MACON, Ga. — In balloting held May 1-30, Georgia dairy farmers voted unanimously to continue the one-cent assessment per hundred pounds of milk to support the Georgia Milk Producers Inc. (GMP). More than 40% of the farmers who received ballots returned them. This assessment is in addition to the checkoff that is part of the Federal Milk Program which allows ten cents per hundred to be sent to the Georgia Milk Commission, which Georgia dairy producers voted to continue in March.
Meanwhile, GMP has named Bryce Trotter its new executive director, succeeding Farrah Newberry, who took a job with The Dairy Alliance earlier this year.
The assessment money allows for operation, education, and promotion conducted by the GMP, as well as supporting dairy farmers in Georgia with education programs like the annual Georgia Dairy Conference held each January in Savannah, GA.
Georgia is 23rd in the nation in total dairy production and last month surpassed Florida in fluid milk production.
Trotter, a native of Gainesville, served as a senior policy advisor in the office of Georgia Agriculture Commissioner Gary Black, and was the campaign manager for Black’s successful 2018 reelection as commissioner. He then became campaign manager for Black’s U.S. Senate bid.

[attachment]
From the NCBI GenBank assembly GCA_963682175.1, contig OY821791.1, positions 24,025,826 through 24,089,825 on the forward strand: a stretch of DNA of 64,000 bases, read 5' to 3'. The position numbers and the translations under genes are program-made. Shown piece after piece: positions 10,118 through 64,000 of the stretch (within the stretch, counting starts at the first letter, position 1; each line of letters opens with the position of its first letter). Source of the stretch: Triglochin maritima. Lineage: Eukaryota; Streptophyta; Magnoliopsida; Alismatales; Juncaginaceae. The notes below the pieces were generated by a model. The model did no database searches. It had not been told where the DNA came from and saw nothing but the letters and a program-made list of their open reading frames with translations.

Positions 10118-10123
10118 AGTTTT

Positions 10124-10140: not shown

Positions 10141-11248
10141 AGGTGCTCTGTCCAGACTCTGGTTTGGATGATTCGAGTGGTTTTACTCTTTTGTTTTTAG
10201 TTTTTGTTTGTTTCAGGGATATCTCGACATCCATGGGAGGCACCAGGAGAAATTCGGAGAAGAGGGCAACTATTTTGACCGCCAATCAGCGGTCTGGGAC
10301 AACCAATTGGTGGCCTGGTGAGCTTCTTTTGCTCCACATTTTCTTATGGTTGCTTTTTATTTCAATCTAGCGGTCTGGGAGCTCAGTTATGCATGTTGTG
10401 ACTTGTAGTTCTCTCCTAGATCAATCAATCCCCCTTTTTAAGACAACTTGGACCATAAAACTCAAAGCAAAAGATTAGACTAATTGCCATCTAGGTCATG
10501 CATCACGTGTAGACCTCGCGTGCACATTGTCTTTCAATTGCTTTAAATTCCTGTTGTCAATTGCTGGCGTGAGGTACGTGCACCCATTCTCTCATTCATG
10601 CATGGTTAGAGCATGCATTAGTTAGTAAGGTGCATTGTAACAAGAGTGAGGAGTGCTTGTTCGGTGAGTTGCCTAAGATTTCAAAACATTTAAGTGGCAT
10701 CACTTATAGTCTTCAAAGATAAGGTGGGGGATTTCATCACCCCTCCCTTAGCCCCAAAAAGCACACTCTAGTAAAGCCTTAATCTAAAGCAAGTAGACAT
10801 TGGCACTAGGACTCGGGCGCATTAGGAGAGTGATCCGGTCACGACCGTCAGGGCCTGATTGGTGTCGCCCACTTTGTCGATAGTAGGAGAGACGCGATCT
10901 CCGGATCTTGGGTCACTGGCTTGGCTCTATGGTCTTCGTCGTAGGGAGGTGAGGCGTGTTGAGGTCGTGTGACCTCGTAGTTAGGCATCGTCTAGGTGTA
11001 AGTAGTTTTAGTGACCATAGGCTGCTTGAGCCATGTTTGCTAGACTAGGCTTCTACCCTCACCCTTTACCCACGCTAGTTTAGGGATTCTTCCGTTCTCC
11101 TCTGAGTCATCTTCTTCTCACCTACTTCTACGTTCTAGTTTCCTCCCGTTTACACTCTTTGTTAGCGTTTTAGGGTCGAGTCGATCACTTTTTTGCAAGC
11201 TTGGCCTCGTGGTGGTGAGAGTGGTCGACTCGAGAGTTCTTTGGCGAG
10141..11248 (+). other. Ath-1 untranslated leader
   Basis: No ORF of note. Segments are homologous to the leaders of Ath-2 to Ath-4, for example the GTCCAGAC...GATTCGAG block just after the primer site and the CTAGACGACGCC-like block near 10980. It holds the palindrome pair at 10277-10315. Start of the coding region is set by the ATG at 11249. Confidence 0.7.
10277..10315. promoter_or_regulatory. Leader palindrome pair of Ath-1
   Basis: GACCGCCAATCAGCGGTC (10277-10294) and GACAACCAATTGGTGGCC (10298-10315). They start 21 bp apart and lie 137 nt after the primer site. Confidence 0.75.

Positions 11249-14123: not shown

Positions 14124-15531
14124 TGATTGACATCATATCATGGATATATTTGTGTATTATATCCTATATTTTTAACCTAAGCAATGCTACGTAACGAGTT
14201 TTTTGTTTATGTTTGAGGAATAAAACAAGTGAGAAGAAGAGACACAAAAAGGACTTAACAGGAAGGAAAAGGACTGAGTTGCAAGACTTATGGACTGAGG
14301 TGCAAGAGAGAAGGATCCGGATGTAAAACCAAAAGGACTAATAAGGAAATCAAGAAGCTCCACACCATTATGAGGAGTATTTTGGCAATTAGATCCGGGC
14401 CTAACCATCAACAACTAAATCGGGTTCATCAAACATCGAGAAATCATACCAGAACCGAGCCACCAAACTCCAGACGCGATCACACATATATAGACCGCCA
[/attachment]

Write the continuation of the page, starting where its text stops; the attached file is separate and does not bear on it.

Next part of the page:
As a college student Trotter worked as crop yield project manager for summer silage harvest, cleaned out stalls, and assisted with a variety of daily chores alongside his father at Westbrook Dairy LLC. This on-farm experience is what inspired him to stay in agriculture and work for dairy farm families in his home state.
“I am extremely excited to be joining Georgia Milk Producers and would like to thank the Board of Directors for trusting me with this opportunity,” Trotter said “GMP is a valuable resource not only for Georgia’s dairy community, but the Southeast as well. I know we will be able to continue to grow our industry together.”
Trotter graduated from Davidson College in 2017, with a bachelor’s degree in political science. While at Davidson, he was a leader in a number of student organizations.
He and his wife, Emma were married in January and live in Gainesville.
–Georgia Farm Bureau